No, don’t leave beer. Leave bottled water and some doggie treats to keep Fido in check. If they get bitten by the dog or into an accident on the way to their next job, you could be sued. :slight_smile:

Search MrLocksmith on youtube before buying any smart lock. Dude busts many of them in seconds.

  1. How would they found out unless you told them… and why would you tell them.

  2. It won’t increase… just like it won’t increase if you leave your door unlocked.

Actually, this lock could make your home more secure. Did you lck your door when you left? With remote access you could make sure it’s locked.

Um, yep you’re right. Your rates won’t increase. BUT that’s not how the world works. What happens is - AFTER you’re robbed, THAT’S when they find out you have one of these and obviously THAT’S how the thieves got in and paragraph 496, subsection 348 line 6948 says ‘you’re NOT covered if you have one of these locks !!’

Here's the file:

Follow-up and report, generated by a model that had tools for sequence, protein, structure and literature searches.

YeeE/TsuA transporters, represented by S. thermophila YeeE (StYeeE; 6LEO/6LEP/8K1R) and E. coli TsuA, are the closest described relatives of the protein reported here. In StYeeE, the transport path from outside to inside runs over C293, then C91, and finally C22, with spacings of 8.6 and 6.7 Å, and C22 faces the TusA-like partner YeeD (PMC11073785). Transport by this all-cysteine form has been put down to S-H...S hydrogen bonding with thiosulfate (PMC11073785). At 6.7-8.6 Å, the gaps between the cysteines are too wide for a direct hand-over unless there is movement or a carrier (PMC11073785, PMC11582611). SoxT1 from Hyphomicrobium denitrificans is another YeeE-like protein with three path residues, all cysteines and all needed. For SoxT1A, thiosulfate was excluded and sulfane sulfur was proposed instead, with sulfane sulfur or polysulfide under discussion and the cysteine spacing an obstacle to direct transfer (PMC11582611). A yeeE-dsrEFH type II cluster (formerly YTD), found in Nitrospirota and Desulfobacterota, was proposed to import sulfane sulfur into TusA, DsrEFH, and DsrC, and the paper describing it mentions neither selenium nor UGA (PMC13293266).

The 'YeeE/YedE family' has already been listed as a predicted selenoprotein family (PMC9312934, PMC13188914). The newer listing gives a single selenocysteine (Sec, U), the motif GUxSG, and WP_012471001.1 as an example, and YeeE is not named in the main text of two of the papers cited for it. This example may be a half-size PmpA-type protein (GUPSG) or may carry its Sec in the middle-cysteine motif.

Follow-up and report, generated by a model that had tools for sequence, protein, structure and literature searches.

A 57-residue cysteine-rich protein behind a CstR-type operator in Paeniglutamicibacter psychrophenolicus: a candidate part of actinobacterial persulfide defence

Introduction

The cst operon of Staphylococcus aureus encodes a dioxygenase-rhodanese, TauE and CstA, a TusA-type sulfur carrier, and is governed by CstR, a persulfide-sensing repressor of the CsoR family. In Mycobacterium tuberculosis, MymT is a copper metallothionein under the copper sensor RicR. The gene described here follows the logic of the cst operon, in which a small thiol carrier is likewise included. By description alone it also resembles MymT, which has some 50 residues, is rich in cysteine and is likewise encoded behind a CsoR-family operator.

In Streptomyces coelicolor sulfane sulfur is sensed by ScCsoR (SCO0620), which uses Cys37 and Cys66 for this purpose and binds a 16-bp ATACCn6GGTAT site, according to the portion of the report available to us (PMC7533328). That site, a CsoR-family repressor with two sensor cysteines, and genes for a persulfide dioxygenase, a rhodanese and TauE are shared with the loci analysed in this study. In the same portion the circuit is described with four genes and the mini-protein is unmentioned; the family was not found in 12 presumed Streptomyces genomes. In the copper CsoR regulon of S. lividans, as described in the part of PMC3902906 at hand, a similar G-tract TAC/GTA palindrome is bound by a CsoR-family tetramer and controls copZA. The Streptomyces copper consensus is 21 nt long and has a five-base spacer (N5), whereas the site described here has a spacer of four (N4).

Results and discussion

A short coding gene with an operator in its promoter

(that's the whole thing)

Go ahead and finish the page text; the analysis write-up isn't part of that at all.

Oh, you didn’t know that you weren’t covered if you have a lock like this ?? Gee, maybe you should have read AND UNDERSTOOD ALL of your contract ! Sorry.

Gee, did I lock the door before I left ?? No prob.

Just use my magic phone and punch in more DATA ( right after I check my bank balance because I HAVE GOT TO KNOW RIGHT NOW how much I have in the checking account ! ) and I’m now COMPLETELY SURE WITHOUT ANY DOUBT that my door X miles away is locked. My phone told me so !!

You hang onto that unshakable blind trust in modern electronics / networks. After all, nothing can go wrong, go wrong, go wrong…